FUSE_triton_hallThere is also a wave-based Echelon mode that serves up onslaughts of enemies with mixed objectives. With 12 rounds, in my handful of attempts I don’t think I ever even made it past 10. It’s a worthy challenge that requires a lot of teamwork. Thankfully, playing with actual human beings instead of bits of data does diminish some of my former gripes. It’s hard for me to critique or compare it given how little multiplayer I play, but it does feel like a more varied, natural progression from Resistance 2 co-op.

Fuse_IndiaAs expected and feared, the visuals fail to impress. Just as with the story, there are some shining moments. An underwater bunker, a lush, tropical volcanic island, and snow covered mountains are pleasant, and offer up some nice draw distance. But with roots firmly in realism, they aren’t anywhere near as jaw dropping as Insomniac’s past otherworldly works. Insomniac did listen to some of the early critics, and added color to a lot of the drab interiors. This resulted in some bold uses of yellow, blue, and green throughout. But it’s like painting a rock: it may draw your eye for a second, but  you soon realize you’re staring at a boring, lifeless rock.

Ultimately, that’s the game’s downfall. Satisfying weaponry aside, it just lacks that certain Insomniac charm. Without their name attached to it, expectations would be a little different, but I expect more from the studio I’ve happily called my favorite for the last decade. Fuse is in no way a bad game. The gunplay, when considering the four Fuse weapons, is just as good as any of their past titles. The humor from TJ Fixman still finds a way to creep though the more serious tone and offers up a chuckle from time to time. But everything else falls flat. The story and characters are forgettable, the visuals and audio are uninteresting, and the overall experience suffers for it.

FUSE_LedgeWith the co-op emphasis, there is a market for the game. I’ve always been a firm believer that even a mediocre game becomes more fun with some good ol’ couch co-op. While I haven’t sat down for a local session, I don’t think this is going to disprove that theory. Other than that, the sad, creatively-void people who overlooked Borderlands due to its cell shaded look will probably enjoy this. Fans of militaristic shooters may find it more palatable than Insomniac’s past gems. But, with the utmost respect and the heaviest of hearts, it’s hard for me to say that the true Insomniac’s will be pleased.

If there’s one positive to take away from this, it’s that Insomniac owns their new IP. While this first iteration may have shot itself in its anatomically correct, pallid foot, there is a lot of potential for a franchise that Insomniac appears to be in for the long haul. The teaser ending shows promise. With minimal effort, new directions could be taken in both art and gameplay to make the franchise stand out. The Resistance franchise had a few missteps in its sequel, then finished out the trilogy with its strongest entry. Maybe we’re just getting the kinks out in the beginning this time. Call me crazy, but despite the lackluster arrival and disappointment, I still feel cautiously optimistic.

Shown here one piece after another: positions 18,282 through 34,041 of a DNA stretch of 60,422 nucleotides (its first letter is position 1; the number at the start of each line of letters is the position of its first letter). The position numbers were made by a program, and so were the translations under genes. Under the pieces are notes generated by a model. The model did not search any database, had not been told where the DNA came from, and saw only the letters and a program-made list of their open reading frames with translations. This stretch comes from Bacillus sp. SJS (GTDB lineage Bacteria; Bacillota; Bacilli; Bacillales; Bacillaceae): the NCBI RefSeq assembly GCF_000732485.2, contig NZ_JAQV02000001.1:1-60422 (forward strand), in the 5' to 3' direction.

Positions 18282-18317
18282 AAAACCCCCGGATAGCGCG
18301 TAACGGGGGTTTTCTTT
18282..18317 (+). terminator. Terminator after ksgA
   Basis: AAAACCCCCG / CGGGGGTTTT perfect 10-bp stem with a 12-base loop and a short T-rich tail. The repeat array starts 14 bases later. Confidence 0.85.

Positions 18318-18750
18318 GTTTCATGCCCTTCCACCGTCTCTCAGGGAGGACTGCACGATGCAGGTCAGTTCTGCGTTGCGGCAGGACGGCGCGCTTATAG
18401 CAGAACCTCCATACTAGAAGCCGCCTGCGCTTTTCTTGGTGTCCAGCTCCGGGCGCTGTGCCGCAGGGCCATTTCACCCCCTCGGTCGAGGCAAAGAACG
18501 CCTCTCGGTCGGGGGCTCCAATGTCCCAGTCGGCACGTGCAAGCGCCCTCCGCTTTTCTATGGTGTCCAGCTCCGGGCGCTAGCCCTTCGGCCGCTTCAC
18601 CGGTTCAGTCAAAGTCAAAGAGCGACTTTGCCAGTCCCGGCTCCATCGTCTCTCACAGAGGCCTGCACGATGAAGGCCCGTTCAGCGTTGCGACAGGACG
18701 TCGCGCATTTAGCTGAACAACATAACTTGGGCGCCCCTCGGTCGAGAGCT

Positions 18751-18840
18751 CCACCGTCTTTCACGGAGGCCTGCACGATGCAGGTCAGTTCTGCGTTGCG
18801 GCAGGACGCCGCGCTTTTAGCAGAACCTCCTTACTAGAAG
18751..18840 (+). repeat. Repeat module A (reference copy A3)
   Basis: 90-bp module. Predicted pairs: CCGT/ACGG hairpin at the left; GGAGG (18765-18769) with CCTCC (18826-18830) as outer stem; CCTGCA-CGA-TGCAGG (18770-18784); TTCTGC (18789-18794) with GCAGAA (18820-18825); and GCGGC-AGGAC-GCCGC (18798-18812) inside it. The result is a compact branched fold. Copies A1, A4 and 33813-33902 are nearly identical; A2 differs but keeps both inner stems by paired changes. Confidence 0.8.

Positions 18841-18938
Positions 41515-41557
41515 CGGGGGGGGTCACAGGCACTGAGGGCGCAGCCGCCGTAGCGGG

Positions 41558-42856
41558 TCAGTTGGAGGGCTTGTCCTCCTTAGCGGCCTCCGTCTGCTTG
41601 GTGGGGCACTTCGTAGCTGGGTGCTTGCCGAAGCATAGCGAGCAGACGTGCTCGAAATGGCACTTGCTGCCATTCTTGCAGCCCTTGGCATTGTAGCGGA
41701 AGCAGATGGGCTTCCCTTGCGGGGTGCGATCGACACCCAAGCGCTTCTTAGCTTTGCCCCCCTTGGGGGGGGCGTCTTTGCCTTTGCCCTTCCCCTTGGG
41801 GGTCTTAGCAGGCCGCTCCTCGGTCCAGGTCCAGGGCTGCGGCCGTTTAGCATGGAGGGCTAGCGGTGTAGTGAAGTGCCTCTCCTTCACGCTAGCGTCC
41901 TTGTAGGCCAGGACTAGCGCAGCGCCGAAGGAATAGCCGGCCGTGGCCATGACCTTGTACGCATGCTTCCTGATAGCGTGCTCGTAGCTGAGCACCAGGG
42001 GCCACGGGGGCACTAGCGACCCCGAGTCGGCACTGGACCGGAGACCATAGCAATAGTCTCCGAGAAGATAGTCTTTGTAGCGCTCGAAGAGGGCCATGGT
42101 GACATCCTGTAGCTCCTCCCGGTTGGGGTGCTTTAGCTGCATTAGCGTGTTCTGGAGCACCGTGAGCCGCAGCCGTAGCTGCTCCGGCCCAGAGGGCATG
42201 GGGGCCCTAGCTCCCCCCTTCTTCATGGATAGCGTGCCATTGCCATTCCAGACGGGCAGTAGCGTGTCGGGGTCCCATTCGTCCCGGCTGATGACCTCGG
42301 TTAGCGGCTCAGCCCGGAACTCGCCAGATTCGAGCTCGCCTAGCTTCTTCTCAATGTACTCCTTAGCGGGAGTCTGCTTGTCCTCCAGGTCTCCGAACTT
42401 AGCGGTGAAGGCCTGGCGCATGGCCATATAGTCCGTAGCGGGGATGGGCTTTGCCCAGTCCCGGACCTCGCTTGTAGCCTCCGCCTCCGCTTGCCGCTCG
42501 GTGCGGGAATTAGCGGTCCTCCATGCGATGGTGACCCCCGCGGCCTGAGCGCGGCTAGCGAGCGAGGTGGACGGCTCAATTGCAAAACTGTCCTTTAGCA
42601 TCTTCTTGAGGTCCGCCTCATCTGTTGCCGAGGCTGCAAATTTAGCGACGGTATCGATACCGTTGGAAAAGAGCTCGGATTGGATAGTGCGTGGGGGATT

It’s not a horrible game; just a horrible Insomniac game. Presentation aside, its a proficient shooter. But, a seven for them is pretty bad considering all of their past efforts have been amazing in my eyes. It’s a pity since they really could have show off all their strengths and expanded their following by going multiplat. I don’t think they ever get the respect, or sales figures, they deserve. Fuse’s lack of vigor certainly won’t help.

Playstation 3

Graphics

70
 

Audio

70
 

Gameplay

85

Creativity

65
 

Execution

70
 

Offset

70
    

7.2

  

How do these ratings work? Click here for descriptions!

Pros:

  • Fuse weapons are varied, interesting, and satisfying.
  • Co-op diminishes the game’s weaknesses.
  • Humor provides some quality laughs.
  • Izzy sure is purdy.

Cons:

  • Visuals are underwhelming.
  • The overall package lacks charm.
  • Solo play suffers due to strong co-op focus.
  • Shift in tone leaves a lot of questions as to what could have been.
Mar 282013
 

The Last of Us is my most anticipated game of the year, so when I saw that Sony had a thirty minute demo playable at PAX East, I was ecstatic. I was actually a little hesitant at first, wanting my first experience with the game to be when I finally get my hands on the final copy, but I ultimately succumbed to my hype for the game and decided to play it at PAX. Now before I get into my impressions, I want to make it clear that the show floor is not a very ideal place to play a game. It’s loud, there is usually lots of glare on the screen, you’re only playing a small (usually out of context) portion of the game, and you have to play standing up just inches away from the screen. The impressions I had of several games I played at PAX last year wound being way off once I was able to play the final games under normal circumstances, so keep that mind.

the-last-of-us-single-player-lengthWith all that said, after playing thirty minutes of The Last of Us, I remain just as excited for the final release as I was before playing. The biggest thing that stood out for me in the demo was the degree of challenge; the game is difficult. The thing that makes the difficulty so great is that it still feels fair. The demo starts off with Joel, Ellie, and Tess making their way through downtown Boston on their way to the Capital Building. It felt like this was very early in the game, likely the first time the three of them had been out together, and it didn’t seem like they had encountered the infected yet, but I could be wrong. You get a look at look at environments and do some light exploration and platforming before coming up to your first enemy encounter.